Owens Stills Holding Out Strong

By Rick Sarlat
Updated: June 13, 2005

PHILADELPHIA—Terrell Owens has always worked well as his own spin doctor. Whether it’s justifying his gratuitous on-field behavior or, most recently, his contract dispute, he always seems to garner some level of understanding.

And although his recent tearful commentary on his holdout with the Philadelphia Eagles may not have shed any significant light, it may have humanized him a bit.

“Before there was football, there was my family,” An emotional Owens told reporters at his charity bowling event in Atlanta. “It doesn’t really matter what anybody says to me critically, whether it’s coaches, the media, teammates or the people I thought were my friends. It doesn’t really matter because I can leave this game right now and they won’t care about me.”

“I don’t have to play for the Eagles,” he continued. “Anybody that I play for, I’m going to play 100 percent. I gave San Francisco 100 percent, I gave the Eagles 100 percent. When I got hurt, I rehabbed 100 percent. They know the situation, so just give me what I deserve…I’m one of the top players in the game. That’s all Iask. I’m not trying to break the bank. Just give me what I deserve. If they don’t want to do that, that’s fine.”

As his holdout, the crux of which is the feeling that the seven-year $49 million deal he signed in March of 2004 isn’t indicative of the player he is, nears its critical stage, neither side is budging. Coach and general manager Andy Reid has reportedly said that the Eagles’ front office remains steadfast in its refusal to structure a new deal for the all-pro receiver. Reid also said he believes the organization has built a system in which all of the players are interchangeable, even Owens.

“I’ve said this before,” Reid said. “Would we like to have T.O.? Sure we’d like to have him. Can we plug somebody else in there and still win Super Bowls? Yeah, absolutely we feel that way.”

Both sides are not without merit. Owens’ 2004 regular season numbers alone might be ample defense. The 31-year-old missed the last two regular season games after breaking his ankle against Dalls, but still managed 77 receptions for 1,200 yards and 14 touchdowns on the season. Then factor in his heroic Super Bowl performance just seven weeks removed from serious injury, and there exists a strong case for why Owens deserves a salary like Indianapolis Colts wide receiver Marvin Harrison, the highest paid receiver in the league.

Conversely, although it is impossible to project what kind of production he might be capable of in the next six years, Owens’ age and recent injury could be a harbinger of sorts. Moreover, when comparing his numbers with Harrison’s over the last nine years, Owens falls more than a tad short in every category except touchdowns. In that time period, Harrison has reached 845 receptions, 11,185 yards and 98 touchdowns to Owens’ 669 receptions, 9,772 yards and 95 touchdowns.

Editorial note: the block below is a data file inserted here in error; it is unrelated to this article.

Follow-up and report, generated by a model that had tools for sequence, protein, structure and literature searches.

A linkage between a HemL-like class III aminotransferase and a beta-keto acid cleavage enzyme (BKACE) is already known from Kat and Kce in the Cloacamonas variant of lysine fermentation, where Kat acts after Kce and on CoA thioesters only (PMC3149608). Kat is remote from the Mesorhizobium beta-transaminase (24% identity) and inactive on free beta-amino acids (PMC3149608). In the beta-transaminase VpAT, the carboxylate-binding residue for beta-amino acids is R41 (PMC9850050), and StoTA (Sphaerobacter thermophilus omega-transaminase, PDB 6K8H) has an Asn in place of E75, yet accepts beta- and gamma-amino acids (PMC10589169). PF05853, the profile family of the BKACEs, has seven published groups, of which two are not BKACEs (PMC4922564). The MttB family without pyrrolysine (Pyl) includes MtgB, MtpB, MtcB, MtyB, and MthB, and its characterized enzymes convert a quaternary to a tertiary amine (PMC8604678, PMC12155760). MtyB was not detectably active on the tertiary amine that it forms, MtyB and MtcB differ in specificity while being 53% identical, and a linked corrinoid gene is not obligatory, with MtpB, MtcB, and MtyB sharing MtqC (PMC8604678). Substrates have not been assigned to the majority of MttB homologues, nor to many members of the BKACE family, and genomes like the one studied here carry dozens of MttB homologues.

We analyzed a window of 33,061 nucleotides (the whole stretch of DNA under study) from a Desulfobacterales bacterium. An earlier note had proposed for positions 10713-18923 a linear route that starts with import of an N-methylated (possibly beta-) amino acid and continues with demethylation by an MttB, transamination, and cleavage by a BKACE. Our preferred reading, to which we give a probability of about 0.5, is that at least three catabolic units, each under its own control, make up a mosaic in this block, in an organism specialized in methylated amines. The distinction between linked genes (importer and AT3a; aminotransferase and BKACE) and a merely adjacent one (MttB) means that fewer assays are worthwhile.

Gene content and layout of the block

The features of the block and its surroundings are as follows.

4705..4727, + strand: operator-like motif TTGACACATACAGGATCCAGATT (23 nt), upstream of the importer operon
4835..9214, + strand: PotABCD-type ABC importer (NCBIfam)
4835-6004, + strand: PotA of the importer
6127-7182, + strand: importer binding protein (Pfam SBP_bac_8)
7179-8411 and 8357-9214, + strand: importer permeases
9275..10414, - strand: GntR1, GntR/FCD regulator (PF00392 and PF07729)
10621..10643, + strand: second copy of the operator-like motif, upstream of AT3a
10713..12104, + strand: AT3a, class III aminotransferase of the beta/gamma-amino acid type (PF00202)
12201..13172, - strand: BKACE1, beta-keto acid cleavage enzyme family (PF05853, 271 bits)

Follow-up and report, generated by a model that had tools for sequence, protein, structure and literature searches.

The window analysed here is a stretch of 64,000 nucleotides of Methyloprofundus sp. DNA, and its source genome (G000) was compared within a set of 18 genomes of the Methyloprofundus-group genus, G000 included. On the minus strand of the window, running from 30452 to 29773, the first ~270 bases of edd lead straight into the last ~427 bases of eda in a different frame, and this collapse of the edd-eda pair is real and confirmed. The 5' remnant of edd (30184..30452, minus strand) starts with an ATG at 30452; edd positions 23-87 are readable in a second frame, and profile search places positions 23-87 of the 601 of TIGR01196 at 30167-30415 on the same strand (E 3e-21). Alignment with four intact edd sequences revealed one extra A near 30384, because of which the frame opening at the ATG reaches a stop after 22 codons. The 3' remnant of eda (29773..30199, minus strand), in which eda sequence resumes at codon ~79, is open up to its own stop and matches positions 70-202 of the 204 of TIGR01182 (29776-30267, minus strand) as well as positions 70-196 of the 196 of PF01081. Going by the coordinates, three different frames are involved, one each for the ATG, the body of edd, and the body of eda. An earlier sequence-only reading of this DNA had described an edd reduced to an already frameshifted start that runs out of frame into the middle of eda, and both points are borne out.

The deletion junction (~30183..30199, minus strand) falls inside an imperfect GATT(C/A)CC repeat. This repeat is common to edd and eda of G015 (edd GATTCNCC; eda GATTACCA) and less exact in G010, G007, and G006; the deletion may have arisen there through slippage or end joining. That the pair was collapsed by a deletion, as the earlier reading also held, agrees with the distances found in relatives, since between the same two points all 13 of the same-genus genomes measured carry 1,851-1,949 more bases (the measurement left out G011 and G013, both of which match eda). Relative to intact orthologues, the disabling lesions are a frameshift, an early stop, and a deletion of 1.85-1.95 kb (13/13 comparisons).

There are also other considerations, all of which cater to T.O.’s predilection for controversy. There are the ugly sideline dramas where his intermittent lack of respect for teammates and coaches is only surpassed by his frequent acts of maniacal self-promotion.

And there’s that ability of his to turn on people with the flick of a switch. People that, by all appearances, are among his closest friends. It was a little less than one year ago that Owens and Eagles quarterback Donovan McNabb looked to be forming that sacred bond between QB and receiver that typically transcends the football field. Now the two are slamming each other in the media. Although neither has mentioned the other’s name, their statements have clearly been directed at each other. Around the time news of T.O.’s holdout first surfaced, he took an unsolicited poke at McNabb, saying, “I’m not the guy who got tired in the Super Bowl.”

For his part, McNabb has approached the T.O. controversy with a little more caution. At first, that is. His initial comments regarding Owens were fairly innocuous. “With T.O. we can do a lot of great things,” McNabb said. “Without him, I still think we can do a lot of good things.” After he apparently got wind of T.O.’s comments, his position was far less reticent. “Just keep my name out of your mouth,” McNabb cautioned T.O. through the press after the first day of mini-camp. “Don’t try to throw names or guys under the bus to better yourself.”

For those of us who saw this coming, nothing is sweeter than being right, whether it’s calling the outcome of a game, a season, or pegging a player for what he is and always will be. One would be hard-pressed to genuinely give T.O. the benefit of the doubt, to assume that the greater good of the team could actually precede the greater good of T.O. And for all it’s worth, the day that T.O. strode into town last year wearing a full-length fur coat and looking like an exotic sports car, the promise of Super Bowl glory was strutting right by his side. Unfortunately, so was the promise of discord